Krishna - The artiste's muse

Aruna’s tryst with the blue-eyed boy

A boy breaks the ‘dahi handi’, a popular event acorss the country during Janmashtami celebrations

A boy breaks the ‘dahi handi’, a popular event acorss the country during Janmashtami celebrations   | Photo Credit: Ajit Solanki

Janmashtami is round the corner, and a thrill of anticipation strikes while recalling the festival’s classic ingredients — the compelling aroma of cheedai and sweets, dahi handi (uriyadi), raas-leela enactments, little children dressed up as Krishna, and brightly decorated homes, awaiting the little charmer to secretively walk in, on their portrayal of his lotus feet. For people across the country, the very thought of Krishna stirs up a variety of images to revel in — both from his childhood and adult years.

Memories of Sri Krishna in my life are aplenty — an early one being learning the composition ‘Cheta Sri Balakrishnam’ in Dvijavanthi raga from my guru, Smt. T. Brinda, whose rendition of it was magical. ‘Krishnakarnaamrutham’ is a set of slokas I learnt from her; she often sang ‘Saayankaale vanaanthe kusumita samaye’ in Ragamalika at the end of a concert. Her rendition of the line ‘Sevyam shringara bhavaihee’ in Hamsanandi was so powerful, that apart from imbibing her unique interpretation of Hamsanandi, I can, even today, visualise the scene of Krishna surrounded by the gopis and gopas of Brindavan.

Another fond memory is my role in home-based skits called Anukaranams, which we would enact in front of a small circle of guests. In the famous Dhruvan-Narada story, I got to play Narada’s role, singing ‘Prasaadhaabhimukham,’ a set of six verses from Srimad Bhagavatam, describing for Dhruvan Maha Vishnu’s physical features, ending with ‘Om Namo Bhagavathe Vaasudevaaya’. As a child I also had the golden opportunity of experiencing Bhagavatha Saptaham by Sri Sukha Brahmam, a Bhagavatham exponent who gained this title for his mastery over rendering the Purana. I was assigned the responsibility of running errands for him through the week, which granted me the privilege of being able to sit next to him and listen to his narration of the epic.

Aruna’s tryst with the blue-eyed boy

As I grew up, the history of compositions on Sri Krishna intrigued me no end. Needamangalam Krishnamurthy Bhagavatar, a descendant of Oothukkaadu Venkatasubbayyar, is a key figure in this space. It is said that Krishnamurthy Bhagavatar used to perform regular concerts and would often sing popular compositions such as ‘Thaaye Yashodha’ and ‘Alaipaayudhey Kanna.’ At some point, he was inspired to search for more compositions of his illustrious ancestor. This led him to Oothukkaadu in search of manuscripts of Venkatasubbayar. He found many of his relatives had unique collections of songs from the original manuscripts, of which they had maintained handwritten copies. Bhagavathar collected these padandharams and manuscripts and gave shape to them, resolving from then on to focus on their popularisation in the Kalakshepam format.

Some of these famous compositions include ‘Maragadha Manimaya’ in Aarabhi which is widely used in Kuchipudi performances, and ‘Maninoopuradhaari’ in Neelambari, on Mannargudi Rajagopalaswami. I had the opportunity to perform a Sevai of the ‘Vatapatra Sayee’ Krishna idol (baby Krishna holding his toe in his mouth), in the Mannargudi temple, by singing this song. From then on, it has been an exceptional feeling to render this piece.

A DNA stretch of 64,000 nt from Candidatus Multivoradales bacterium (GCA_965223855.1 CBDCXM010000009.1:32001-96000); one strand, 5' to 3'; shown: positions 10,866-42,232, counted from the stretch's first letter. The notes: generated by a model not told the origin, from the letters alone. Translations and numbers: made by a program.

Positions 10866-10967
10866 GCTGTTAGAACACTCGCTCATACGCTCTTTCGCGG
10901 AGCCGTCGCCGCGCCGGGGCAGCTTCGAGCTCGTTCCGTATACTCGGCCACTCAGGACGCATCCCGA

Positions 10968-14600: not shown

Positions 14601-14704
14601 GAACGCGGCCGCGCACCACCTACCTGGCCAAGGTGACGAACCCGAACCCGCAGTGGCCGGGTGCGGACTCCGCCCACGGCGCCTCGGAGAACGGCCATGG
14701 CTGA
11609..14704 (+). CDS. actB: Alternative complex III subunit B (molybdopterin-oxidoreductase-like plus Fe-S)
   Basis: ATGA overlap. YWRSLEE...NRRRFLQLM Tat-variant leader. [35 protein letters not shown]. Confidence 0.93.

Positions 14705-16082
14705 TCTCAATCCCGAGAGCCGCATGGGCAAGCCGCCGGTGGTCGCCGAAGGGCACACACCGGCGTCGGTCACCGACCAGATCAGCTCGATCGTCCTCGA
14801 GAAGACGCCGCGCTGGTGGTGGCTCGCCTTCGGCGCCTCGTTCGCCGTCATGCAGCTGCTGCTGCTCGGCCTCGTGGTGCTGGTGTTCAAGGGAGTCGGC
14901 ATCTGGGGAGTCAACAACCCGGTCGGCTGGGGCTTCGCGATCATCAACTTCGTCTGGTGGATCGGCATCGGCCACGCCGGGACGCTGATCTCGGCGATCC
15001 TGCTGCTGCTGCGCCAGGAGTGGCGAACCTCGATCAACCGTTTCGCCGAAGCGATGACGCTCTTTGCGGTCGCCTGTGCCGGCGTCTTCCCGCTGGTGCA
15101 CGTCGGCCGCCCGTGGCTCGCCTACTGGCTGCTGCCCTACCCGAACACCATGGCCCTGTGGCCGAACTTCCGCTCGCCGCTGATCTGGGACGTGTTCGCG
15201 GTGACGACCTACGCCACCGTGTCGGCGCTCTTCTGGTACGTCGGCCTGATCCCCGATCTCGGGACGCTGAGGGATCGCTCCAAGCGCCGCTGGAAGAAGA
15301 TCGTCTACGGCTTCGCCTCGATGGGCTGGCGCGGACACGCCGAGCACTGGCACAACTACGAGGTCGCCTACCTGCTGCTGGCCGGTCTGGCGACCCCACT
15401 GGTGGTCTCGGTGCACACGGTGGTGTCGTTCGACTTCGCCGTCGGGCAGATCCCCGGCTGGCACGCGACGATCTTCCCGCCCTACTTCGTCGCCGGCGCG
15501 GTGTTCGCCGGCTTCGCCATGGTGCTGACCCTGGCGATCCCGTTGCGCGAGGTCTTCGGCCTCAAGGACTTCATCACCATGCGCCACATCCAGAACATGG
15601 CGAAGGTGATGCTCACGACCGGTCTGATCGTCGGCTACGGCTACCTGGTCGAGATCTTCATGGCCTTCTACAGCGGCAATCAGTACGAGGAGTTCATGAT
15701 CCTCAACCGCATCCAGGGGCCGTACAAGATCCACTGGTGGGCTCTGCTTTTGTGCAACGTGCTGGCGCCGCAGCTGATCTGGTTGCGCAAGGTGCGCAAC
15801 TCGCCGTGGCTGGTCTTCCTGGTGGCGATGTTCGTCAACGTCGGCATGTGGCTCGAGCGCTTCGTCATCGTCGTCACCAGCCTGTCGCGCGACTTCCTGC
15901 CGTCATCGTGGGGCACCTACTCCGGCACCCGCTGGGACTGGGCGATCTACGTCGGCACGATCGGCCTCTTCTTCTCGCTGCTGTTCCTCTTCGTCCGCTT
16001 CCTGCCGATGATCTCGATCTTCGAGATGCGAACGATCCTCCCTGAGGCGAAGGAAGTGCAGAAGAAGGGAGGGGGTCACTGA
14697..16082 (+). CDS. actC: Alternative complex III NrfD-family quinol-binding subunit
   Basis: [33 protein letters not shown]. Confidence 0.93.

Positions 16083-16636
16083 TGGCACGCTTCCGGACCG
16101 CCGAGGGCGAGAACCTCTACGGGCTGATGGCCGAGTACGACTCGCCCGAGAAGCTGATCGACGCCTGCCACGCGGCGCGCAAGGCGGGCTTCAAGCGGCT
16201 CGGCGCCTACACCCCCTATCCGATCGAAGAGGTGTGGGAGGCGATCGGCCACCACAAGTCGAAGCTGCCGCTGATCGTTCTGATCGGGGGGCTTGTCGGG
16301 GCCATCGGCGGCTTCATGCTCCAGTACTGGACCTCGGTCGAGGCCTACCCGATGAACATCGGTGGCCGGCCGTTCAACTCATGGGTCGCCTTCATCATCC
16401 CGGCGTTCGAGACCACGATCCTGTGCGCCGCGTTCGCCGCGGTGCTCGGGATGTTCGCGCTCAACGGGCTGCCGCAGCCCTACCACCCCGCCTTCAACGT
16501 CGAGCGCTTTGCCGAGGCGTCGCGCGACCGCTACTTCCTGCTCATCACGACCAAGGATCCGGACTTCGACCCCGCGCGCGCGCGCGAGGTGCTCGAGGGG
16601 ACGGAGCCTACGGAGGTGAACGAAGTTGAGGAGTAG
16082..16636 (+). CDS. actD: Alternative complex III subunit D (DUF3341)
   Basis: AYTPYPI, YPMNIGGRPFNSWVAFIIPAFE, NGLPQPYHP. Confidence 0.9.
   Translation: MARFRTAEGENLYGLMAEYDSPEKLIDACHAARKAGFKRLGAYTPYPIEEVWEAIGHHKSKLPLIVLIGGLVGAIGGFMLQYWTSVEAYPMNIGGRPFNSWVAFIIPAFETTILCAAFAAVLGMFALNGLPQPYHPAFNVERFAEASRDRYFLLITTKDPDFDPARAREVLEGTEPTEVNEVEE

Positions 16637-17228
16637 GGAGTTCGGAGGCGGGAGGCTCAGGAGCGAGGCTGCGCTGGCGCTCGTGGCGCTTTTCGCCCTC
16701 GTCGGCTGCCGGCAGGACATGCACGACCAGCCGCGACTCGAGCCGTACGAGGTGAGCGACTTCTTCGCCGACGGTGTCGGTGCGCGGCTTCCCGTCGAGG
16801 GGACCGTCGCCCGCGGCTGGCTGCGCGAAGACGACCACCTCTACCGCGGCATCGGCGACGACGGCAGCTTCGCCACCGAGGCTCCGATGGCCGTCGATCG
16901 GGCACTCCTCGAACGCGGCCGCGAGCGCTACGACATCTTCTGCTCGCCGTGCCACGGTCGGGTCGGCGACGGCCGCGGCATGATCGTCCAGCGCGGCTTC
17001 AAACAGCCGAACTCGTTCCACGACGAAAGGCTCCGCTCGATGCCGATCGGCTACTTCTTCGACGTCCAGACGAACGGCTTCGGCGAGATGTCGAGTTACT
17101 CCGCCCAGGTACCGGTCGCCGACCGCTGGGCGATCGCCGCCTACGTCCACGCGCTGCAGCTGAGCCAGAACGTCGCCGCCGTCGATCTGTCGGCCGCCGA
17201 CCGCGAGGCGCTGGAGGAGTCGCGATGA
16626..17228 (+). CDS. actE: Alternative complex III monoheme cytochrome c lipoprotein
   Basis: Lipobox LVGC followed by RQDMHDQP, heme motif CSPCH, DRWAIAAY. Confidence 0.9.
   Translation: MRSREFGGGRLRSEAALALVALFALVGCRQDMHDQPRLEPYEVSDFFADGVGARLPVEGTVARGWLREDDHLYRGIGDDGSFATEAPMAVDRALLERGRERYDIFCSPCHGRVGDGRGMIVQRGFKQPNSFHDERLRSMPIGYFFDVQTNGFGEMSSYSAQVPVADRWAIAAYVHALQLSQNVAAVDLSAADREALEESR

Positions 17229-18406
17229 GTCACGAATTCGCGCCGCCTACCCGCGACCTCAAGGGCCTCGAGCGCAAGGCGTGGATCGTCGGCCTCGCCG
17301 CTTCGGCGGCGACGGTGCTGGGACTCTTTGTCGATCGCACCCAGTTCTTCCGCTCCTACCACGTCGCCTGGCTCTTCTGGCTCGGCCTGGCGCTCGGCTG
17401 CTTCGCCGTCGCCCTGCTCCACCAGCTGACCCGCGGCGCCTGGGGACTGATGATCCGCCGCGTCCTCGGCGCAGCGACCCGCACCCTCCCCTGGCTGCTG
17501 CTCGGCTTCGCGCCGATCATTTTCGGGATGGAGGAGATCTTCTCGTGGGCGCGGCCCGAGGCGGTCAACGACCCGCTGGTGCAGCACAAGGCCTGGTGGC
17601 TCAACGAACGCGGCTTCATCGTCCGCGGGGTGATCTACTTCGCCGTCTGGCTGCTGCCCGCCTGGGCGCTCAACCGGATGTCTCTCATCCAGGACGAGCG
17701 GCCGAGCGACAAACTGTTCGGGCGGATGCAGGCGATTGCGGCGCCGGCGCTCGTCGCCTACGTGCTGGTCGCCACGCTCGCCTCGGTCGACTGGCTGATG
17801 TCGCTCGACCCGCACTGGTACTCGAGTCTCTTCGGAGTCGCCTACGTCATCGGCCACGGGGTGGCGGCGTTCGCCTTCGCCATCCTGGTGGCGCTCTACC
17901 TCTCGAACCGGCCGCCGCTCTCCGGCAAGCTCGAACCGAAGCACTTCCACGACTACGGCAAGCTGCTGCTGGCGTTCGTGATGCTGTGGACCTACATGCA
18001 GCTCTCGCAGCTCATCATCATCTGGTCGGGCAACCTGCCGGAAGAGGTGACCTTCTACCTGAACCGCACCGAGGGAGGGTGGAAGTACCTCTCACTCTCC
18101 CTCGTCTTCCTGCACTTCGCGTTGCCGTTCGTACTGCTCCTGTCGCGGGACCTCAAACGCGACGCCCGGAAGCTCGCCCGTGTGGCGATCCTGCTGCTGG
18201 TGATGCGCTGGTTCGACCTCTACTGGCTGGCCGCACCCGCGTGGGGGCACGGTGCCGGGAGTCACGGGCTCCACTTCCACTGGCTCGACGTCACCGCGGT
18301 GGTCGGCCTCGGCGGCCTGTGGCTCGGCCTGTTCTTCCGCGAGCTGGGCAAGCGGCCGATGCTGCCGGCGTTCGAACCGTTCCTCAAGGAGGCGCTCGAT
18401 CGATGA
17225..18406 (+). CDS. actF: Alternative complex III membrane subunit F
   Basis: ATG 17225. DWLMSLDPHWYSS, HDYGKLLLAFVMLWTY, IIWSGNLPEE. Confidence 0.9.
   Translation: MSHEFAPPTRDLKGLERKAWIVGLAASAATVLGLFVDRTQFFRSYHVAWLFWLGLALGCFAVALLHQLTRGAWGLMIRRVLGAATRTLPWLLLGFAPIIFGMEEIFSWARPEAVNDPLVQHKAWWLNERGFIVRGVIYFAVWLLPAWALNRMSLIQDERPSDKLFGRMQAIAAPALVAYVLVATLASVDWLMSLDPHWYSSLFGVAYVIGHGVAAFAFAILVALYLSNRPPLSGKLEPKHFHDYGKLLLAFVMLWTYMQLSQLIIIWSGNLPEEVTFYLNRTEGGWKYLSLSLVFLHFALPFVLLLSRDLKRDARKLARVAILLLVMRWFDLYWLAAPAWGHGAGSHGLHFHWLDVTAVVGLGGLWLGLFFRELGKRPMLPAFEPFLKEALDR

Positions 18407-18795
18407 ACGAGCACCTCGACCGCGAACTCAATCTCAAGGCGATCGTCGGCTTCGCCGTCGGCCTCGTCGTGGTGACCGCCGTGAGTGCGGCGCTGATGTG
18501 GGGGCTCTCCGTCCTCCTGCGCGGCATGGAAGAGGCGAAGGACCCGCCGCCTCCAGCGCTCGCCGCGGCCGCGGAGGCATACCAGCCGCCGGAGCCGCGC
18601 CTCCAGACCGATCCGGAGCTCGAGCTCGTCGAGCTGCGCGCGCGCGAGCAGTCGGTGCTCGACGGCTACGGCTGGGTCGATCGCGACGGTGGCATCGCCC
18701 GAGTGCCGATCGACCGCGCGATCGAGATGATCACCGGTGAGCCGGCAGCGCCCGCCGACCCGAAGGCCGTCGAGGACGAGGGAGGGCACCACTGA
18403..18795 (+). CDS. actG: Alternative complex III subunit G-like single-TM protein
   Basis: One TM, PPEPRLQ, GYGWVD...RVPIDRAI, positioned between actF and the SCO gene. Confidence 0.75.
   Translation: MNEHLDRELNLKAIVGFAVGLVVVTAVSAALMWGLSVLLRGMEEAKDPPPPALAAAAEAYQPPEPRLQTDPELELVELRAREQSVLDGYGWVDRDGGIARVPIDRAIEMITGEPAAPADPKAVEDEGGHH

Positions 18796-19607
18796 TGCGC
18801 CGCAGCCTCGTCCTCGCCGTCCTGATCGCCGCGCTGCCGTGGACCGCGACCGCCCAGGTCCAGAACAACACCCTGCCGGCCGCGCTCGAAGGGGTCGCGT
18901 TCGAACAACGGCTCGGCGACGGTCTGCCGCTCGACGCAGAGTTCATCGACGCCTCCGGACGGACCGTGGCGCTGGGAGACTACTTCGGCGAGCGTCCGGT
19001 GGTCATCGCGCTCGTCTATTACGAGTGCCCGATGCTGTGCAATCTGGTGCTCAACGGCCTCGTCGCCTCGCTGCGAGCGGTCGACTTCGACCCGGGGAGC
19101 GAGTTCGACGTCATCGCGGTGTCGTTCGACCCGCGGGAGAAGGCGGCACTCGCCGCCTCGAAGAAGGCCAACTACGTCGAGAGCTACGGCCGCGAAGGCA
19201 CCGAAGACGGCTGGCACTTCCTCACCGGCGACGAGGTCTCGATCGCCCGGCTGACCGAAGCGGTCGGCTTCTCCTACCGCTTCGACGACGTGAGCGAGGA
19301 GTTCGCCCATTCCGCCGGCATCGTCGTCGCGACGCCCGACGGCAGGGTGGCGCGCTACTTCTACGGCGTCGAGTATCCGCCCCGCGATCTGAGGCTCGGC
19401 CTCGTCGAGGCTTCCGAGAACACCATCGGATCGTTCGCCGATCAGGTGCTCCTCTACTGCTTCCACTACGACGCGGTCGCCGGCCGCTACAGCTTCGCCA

Aruna’s tryst with the blue-eyed boy

In the 1990s, I collaborated with French theatre director Dominique Pompoungnac for a theatre production on Krishna, titled ‘Le Bebe Bleu’ (The Blue Baby) – this was the story of Sri Krishna from his birth until he was five years old, in song-dance-speech format. I was accompanied by mridangam vidwan J. Vaidhyanathan, the songs were all in Carnatic style, there were elements of Bharatanatyam by French Dancer Florence (stage name Vasantha), Carnatic flute by French flautist Jean-Paul Auboux (disciple of T.R. Mahalingam) and narration in French by Dominique Pompougnac. Together, we gave 40 such performances across France.

While thinking of Sri Krishna, it would indeed be a lapse to not mention abhangs — a musical form very close to my heart. Abhangs convey devotion to Panduranga Vitthala of Pandharpur, who is none other than Krishna. The first Abhang I learnt was from Sri Mohan Pai, a great Abhang exponent — it opened with the lines ‘Tu Maajhi Maavooli, Mi ho tujha Paanha... Pandurange’, describing Him as a sacred, generous mother cow, and demanding the milk of universal love (bhakti) from Him. ‘Gowlans’ (allied forms of Abhangs) exclusively describe Bala Leelas, — Krishna’s childhood pranks. ‘Vrindavani Venu’ is a charming gowlan, which has the line ‘Gaayi vyaghra ek thayi zaali’, referring to a tiger and a cow sitting next to each other without any intention to hurt or escape, lost in Sri Krishna’s Venu Ganam.

Reflecting on this line also reveals a larger philosophy — that in the presence of Sri Krishna, everybody is one. Hatred, dislike and spite are all but absent when devotion is foremost, causing differences to melt away like vapour, and putting spirituality at the centre of a peaceful, content life.

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Printable version | Feb 26, 2020 8:34:56 AM | https://www.thehindu.com/entertainment/music/arunas-tryst-with-the-blue-eyed-boy/article24818918.ece

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